Ten articles were included in our systematic review, nine of which reported data on FBS (2022, 2631). The overall trend appears to be downward; nevertheless, five investigations demonstrated a significant decrease in fasting blood glucose (20, 21, 2628). The study conducted by Callaway et al. revealed a difference of 0.1 mmol/l in FBS prepost alterations between the probiotics supplement group and the placebo group (28). In a research done by Ebrahimzade et al. FBS dropped by 0.3 mmol/l more in the probiotics group than in the control group (27). Reports on 2-h-OGTT presented in eight studies (2022, 2628, 30, 31) and four studies reported a slight decrease following probiotics although they were not significant (20, 21, 26, 27).

Nine papers published data on birth weight (2022, 26, 2832). Seven of them reported slightly larger infants in probiotic groups ranging from 10 g in the paper by Asgharian et al. to 112 g in the paper by Louto et al., although these differences were not statistically significant (26, 32). Three researches looked on maternal weight gain during pregnancy (22, 26, 29). In two studies, women in the probiotics group gained more weight than those in the placebo group, despite the differences not being statistically significant (26, 29).

Findings from meta-analysis

The outcomes of the meta-analysis are depicted in Figure 2. All 10 investigations on the incidence of GDM revealed that probiotics supplements lowered the risk by 33% significantly (RR = 0.67, 95% CI: 0.47, 0.95). Heterogeneity was statistically significant regarding the GDM (I2 = 67.7%, p < 0.001), and sensitivity analyses have been shown that pooled RR is dependent on the results of Wickens et al. (20), Ebrahimzade et al. (27), Luoto et al. (32), and Callaway et al. (28) studies. Excluding the result of Asgharian et al. (26) from analysis, the only study which prescribed probiotic yogurt for 4 weeks instead of a probiotic supplement, did not change the significance of the result of meta-analysis (RR = 0.68, 95% CI: 0.46, 0.99). Regarding the duration and time of onset of the intervention, in Godfrey et al. (30) study, probiotics, as well as myo-inositol and multiple micronutrients were taken during preconception and throughout the pregnancy and this study has the longest period of intervention. The result of the meta-analysis was also robust by omitting this study (RR = 0.61, 95% CI: 0.41, 0.90) (Supplementary material).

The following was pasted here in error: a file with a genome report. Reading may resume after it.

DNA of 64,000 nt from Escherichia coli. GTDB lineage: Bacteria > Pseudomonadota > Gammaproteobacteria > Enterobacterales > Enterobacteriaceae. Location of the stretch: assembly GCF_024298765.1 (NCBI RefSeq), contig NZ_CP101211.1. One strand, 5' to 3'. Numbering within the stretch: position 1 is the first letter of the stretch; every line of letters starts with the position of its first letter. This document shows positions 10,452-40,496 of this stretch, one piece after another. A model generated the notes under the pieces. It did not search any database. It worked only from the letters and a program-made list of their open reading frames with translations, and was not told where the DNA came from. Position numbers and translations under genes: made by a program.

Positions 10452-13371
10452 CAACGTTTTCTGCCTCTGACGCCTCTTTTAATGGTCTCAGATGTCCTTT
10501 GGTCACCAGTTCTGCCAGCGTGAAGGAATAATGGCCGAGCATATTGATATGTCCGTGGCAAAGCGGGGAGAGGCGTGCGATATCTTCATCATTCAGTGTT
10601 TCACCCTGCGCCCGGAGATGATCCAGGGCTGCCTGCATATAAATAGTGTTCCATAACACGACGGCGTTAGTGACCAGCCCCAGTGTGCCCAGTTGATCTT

Figure 2. Forest plot more the meta-analysis of (A) GDM/ (B) Cesarean section/ (C) Hypoglycemia/ (D) Macrosomia/ (E) NICU admission/ (F) Preeclampsia/ (G) prematurity.

Sub-group analyses were conducted according to the baseline BMI of mothers as well as single- or multi-strain probiotics used for supplementation (Table 2). A slight greater effect on GDM occurrence was detected in eight trials using multi-strain probiotics (RR = 0.65, 95% CI: 0.42, 0.99), however, the heterogeneity was still existed within this sub-group (I2 = 73.5%, p < 0.001).


Table 2. Results of subgroup-analysis based on mothers' weight status before pregnancy and number of probiotic strains.